SEVERAL SHORT SENTENCES ABOUT WRITING

New York Times columnist and editorial board member delivers a slim book for aspiring writers, offering saws and sense, wisdom and waggery, biases and biting sarcasm.

Klinkenborg (Timothy; or, Notes of an Abject Reptile, 2006), who’s taught for decades, endeavors to keep things simple in his prose, and he urges other writers to do the same. (Note: He despises abuses of the word as, as he continually reminds readers.) In the early sections, the author ignores traditional paragraphing so that the text resembles a long free-verse poem. He urges readers to use short, clear sentences and to make sure each one is healthy before moving on; notes that it’s acceptable to start sentences with and and but; sees benefits in diagramming sentences; stresses that all writing is revision; periodically blasts the formulaic writing that many (most?) students learn in school; argues that knowing where you’re headed before you begin might be good for a vacation, but not for a piece of writing; and believes that writers must trust readers more, and trust themselves. Most of Klinkenborg’s advice is neither radical nor especially profound (“Turn to the poets. / Learn from them”), and the text suffers from a corrosive fallacy: that if his strategies work for him they will work for all. The final fifth of the text includes some passages from writers he admires (McPhee, Oates, Cheever) and some of his students’ awkward sentences, which he treats analytically but sometimes with a surprising sarcasm that veers near meanness. He includes examples of students’ dangling modifiers, malapropisms, errors of pronoun agreement, wordiness and other mistakes.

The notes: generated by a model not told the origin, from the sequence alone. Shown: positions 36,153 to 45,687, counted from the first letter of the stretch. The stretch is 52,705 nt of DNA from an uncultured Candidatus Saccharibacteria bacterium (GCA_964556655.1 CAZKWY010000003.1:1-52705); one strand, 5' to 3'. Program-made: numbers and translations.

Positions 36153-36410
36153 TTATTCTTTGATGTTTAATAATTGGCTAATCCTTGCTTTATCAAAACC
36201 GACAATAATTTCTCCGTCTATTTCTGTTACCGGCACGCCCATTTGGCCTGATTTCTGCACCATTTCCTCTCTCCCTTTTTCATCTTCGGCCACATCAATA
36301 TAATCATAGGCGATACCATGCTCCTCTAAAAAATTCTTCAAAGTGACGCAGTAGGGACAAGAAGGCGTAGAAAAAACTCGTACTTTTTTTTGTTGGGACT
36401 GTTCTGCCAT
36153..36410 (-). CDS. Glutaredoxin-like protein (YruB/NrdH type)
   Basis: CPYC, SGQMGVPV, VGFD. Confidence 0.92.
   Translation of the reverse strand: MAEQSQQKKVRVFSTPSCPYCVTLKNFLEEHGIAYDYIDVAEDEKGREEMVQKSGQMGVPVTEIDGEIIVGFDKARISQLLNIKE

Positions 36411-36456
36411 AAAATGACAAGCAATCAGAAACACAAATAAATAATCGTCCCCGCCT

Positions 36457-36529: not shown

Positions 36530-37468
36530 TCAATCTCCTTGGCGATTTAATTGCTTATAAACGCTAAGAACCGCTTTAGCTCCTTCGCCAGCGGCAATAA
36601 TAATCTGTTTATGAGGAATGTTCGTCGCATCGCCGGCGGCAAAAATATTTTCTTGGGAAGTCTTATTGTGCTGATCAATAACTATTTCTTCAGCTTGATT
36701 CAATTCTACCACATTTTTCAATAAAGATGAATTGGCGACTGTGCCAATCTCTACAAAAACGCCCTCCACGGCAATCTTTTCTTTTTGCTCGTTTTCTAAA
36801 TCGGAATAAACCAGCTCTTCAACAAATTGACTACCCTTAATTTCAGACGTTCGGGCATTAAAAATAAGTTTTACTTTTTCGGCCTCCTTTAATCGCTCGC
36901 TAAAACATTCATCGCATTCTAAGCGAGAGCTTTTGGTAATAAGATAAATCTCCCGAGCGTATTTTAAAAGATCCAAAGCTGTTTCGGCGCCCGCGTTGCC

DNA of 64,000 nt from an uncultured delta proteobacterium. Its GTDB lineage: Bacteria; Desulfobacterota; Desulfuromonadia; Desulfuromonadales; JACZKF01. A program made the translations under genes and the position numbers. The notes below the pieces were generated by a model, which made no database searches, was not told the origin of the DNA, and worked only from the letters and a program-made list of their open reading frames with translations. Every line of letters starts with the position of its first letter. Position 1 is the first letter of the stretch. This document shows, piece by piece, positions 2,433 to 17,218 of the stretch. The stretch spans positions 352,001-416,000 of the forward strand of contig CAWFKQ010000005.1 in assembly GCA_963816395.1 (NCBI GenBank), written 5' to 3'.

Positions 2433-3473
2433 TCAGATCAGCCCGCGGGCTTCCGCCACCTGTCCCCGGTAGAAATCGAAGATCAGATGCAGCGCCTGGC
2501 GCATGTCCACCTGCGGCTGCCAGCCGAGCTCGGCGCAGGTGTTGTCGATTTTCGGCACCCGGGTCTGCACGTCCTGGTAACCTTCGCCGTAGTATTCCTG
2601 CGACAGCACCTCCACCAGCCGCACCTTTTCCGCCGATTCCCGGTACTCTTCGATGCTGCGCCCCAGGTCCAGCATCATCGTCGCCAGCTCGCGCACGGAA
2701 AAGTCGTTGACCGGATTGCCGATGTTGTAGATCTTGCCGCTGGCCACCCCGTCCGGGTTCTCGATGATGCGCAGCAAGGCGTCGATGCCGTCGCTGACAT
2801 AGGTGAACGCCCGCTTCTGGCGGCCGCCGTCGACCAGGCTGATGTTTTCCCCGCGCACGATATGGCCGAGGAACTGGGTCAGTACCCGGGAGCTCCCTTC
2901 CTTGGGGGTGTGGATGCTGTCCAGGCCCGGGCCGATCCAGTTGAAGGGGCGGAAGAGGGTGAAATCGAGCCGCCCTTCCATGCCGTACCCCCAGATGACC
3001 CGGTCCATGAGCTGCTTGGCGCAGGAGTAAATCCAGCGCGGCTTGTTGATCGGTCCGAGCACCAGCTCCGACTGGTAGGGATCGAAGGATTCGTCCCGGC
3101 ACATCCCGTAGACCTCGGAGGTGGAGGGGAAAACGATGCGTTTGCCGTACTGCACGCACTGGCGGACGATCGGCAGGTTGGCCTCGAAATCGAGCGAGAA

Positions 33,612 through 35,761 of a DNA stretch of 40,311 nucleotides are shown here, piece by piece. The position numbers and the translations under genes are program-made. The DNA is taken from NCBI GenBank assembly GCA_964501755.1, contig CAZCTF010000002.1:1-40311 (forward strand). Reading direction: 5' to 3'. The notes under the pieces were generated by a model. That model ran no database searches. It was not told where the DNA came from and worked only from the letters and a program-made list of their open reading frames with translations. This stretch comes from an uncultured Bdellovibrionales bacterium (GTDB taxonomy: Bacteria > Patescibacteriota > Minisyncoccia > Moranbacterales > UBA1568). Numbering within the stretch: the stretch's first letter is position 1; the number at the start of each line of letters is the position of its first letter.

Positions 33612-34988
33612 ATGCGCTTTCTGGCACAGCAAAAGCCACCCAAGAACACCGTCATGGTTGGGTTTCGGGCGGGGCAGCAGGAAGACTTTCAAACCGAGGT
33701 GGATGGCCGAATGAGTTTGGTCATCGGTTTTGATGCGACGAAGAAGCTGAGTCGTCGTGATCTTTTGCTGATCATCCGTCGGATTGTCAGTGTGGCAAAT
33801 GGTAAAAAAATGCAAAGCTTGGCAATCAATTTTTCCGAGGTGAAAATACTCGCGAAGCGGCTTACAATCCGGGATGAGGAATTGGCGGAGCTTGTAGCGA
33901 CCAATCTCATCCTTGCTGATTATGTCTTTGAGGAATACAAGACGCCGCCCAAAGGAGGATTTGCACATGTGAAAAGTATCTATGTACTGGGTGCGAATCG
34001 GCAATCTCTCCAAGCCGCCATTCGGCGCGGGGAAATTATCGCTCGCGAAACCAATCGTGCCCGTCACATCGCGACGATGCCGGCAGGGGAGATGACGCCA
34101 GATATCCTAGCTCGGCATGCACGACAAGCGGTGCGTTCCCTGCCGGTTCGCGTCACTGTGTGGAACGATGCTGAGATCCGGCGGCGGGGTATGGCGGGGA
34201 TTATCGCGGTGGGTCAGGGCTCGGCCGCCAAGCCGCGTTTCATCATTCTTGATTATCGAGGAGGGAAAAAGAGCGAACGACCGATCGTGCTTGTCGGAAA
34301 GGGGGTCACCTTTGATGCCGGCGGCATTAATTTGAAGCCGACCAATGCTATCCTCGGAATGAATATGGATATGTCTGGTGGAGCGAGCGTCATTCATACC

Analyzing his craft, a careful craftsman urges with Thoreauvian conviction that writers should simplify, simplify, simplify.

Pub Date: Aug. 7, 2012

ISBN: 978-0-307-26634-7

Page Count: 224

Publisher: Knopf

Review Posted Online: May 14, 2012

Kirkus Reviews Issue: June 15, 2012